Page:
After touching down off the coast of the Aloha State, the aliens throw up an impenetrable energy dome while they do...something. Just what that something is I'm not at liberty to reveal, not because I'm worried about spoilers but because the movie itself doesn't seem entirely sure. Although 'Battleship''s broad strokes are always clear -- hi-tech aliens bad, good ol' fashioned American muscle good -- the finer points are not. The Planet G-Unit arrives with four ships, some of which can fly and some of which cannot, or at least don't when the Americans conveniently discover a way to track their movements through water. The aliens possess sophisticated technology and hugely advanced weaponry, so naturally they're also comically stupid and hampered by an exploitable weakness that makes absolutely no sense for creatures that come from a planet that is supposedly so similar to ours.
This chaotic stew of epic naval battles, small-scale comic relief, intensely sincere appeals to American patriotism, and gaping holes of plot and logic comes courtesy of director Peter Berg, the man who gave us the wildly underrated B-action film 'The Rundown' and the wonderful film and television adaptations of the Texas high school football story 'Friday Night Lights.' Berg's last feature was 2008's 'Hancock' with Will Smith, a film which, if not entirely successful, showed him capable of integrating unusually thorny character dynamics into the framework of flavorless, big budget filmmaking. But here, despite a cast that includes two 'Friday Night Lights' TV alums (Kitsch and Jesse Plemmons, who plays the obligatory but effective wide-eyed audience surrogate) he has less success balancing personal touches and large scale blockbustering.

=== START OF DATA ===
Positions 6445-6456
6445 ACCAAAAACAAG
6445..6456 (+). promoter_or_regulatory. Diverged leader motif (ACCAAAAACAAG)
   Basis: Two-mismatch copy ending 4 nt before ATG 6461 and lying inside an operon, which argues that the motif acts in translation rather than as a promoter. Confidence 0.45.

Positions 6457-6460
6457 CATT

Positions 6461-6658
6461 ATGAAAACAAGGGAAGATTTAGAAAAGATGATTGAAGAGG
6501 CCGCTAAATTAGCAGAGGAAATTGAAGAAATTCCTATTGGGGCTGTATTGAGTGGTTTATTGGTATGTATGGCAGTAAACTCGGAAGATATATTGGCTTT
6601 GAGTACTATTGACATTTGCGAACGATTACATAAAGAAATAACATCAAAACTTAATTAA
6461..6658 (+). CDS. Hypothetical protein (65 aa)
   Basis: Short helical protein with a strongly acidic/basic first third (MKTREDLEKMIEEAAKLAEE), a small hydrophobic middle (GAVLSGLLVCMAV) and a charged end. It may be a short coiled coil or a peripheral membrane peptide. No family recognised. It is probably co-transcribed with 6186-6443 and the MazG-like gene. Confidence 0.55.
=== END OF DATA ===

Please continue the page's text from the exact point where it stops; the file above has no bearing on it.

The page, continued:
With almost no blood and even less overt sexuality, it seems like Berg was hired to make a movie aimed at viewers even younger than the fans of 'Transformers,' a fact seemingly confirmed by the scene where an alien vessel lands on a Little League field, contemplates obliterating an eight-year-old boy, then dashes off to destroy a nearby highway overpass instead. Though it's not really clear what the aliens are after here -- they like children unless they insist on using interstate travel? -- it's obvious what Hasbro wants: to give their core audience a few onscreen surrogates and to keep them alive, lest they bum them out and dash their dreams of owning more 'Battleship' toys.